CB: You actually have carnival performers on stage with you?
EB: We actually do, yes. It’s going to be fun. I think everybody is going to really enjoy the show.
CB: The first show was this past weekend. How is it going so far?
EB: We are one down. We have the second one tonight. The first one was great. Internally, we found a couple things we could do differently, do a little bit better. We are definitely going to do that. The first show was great. The crowd was very receptive. It was awesome. I think tonight is going to be even better. Then the Cincinnati show, by that time, we will be well-oiled machines and veterans.
CB: Shinedown has a huge social media presence. Why is it important for you guys to stay connected to your fans in that way?
EB: Because the fans are the reason we get to do what we do. We never forget that. The fans are the boss, the most important thing. The fans buy the tickets, they buy the records. I have to say, and it’s going to sound cliché but it’s not meant to be, we have the best fans. Our fans are ridiculously loyal. We like to keep up with them. We actually know … you would be surprised how many fans we know. I’ll see fans at meet and greets that I will know from Twitter. We keep up with them and we know what’s going on. We like to hear what they have to say. They are going to let us know if something is not right. They will let us know if they don’t like something, if they like something. It’s a great tool to utilize as well. You get instant feedback on what you are doing.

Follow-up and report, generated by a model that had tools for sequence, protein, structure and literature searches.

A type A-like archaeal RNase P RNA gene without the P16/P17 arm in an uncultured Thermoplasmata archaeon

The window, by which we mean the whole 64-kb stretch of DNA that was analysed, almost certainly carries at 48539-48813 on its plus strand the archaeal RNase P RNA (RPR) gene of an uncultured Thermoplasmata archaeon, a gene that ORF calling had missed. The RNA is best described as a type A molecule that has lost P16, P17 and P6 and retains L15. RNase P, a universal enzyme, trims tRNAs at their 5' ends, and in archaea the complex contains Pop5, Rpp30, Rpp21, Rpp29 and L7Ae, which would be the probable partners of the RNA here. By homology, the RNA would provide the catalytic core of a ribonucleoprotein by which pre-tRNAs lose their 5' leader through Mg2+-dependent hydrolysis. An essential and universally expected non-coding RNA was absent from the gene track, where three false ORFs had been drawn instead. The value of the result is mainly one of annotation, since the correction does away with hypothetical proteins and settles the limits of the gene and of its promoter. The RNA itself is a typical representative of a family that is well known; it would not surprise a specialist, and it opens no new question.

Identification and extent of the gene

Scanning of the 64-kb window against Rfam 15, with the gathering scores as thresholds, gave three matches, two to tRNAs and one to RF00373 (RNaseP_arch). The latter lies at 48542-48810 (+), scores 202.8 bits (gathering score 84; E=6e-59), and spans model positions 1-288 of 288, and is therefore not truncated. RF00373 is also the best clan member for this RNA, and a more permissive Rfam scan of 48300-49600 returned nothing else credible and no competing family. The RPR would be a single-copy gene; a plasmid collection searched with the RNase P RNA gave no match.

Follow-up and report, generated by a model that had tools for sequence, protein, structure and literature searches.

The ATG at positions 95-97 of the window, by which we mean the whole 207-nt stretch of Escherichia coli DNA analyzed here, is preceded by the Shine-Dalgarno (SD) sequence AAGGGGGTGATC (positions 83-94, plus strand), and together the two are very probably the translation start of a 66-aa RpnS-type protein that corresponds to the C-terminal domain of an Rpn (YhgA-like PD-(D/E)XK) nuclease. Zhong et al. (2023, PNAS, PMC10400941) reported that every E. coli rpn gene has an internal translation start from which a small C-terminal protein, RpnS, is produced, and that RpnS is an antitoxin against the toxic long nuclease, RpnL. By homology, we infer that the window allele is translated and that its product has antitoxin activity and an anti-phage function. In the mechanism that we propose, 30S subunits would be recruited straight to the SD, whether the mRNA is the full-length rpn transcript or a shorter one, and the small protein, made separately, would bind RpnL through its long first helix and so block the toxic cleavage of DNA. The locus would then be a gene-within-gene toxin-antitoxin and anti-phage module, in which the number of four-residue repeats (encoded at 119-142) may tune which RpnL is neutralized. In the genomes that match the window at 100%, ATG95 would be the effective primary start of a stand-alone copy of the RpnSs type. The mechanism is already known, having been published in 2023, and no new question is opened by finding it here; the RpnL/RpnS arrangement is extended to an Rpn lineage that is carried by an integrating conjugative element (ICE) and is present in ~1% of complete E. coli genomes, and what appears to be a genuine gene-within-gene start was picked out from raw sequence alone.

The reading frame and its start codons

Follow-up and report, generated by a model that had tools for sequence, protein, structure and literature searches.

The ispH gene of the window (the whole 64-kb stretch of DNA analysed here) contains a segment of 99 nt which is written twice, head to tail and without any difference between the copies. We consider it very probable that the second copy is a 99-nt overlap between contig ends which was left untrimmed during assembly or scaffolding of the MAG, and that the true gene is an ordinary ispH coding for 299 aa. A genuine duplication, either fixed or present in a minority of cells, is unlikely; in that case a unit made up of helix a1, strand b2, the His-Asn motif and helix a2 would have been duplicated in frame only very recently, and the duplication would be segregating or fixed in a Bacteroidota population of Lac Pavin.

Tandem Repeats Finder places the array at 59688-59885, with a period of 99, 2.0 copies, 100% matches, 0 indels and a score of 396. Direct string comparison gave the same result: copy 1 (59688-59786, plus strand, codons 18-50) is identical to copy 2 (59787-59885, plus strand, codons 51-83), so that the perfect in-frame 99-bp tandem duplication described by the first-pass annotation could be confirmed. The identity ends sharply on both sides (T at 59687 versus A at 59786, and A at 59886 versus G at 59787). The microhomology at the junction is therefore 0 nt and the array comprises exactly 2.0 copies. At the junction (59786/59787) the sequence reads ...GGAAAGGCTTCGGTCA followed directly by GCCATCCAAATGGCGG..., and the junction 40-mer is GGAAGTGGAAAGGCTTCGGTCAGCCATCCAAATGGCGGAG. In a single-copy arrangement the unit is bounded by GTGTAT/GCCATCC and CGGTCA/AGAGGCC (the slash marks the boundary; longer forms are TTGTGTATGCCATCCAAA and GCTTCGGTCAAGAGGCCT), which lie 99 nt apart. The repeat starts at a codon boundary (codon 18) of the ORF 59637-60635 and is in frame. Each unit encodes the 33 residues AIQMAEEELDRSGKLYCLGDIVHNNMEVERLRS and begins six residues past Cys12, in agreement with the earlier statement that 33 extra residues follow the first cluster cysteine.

CB: What are your hobbies outside of playing music all the time?
EB: It’s kind of funny. I say all my hobbies become my jobs. I produce records. I do a lot of songwriting. I engineer, mix records. A lot of my hobbies have become my job.
I am a golfer. I enjoy golf a lot. More recently, I have started building model airplanes. I needed a quiet hobby I can sit in my house and do. It is something I have found solace in. It may be a little geeky, a little nerdy, but it is fun.
CB: You actually co-wrote “I’ll Follow You” correct?
CB: I love that song. I know it is the new single and it is out, but what is the story behind the song?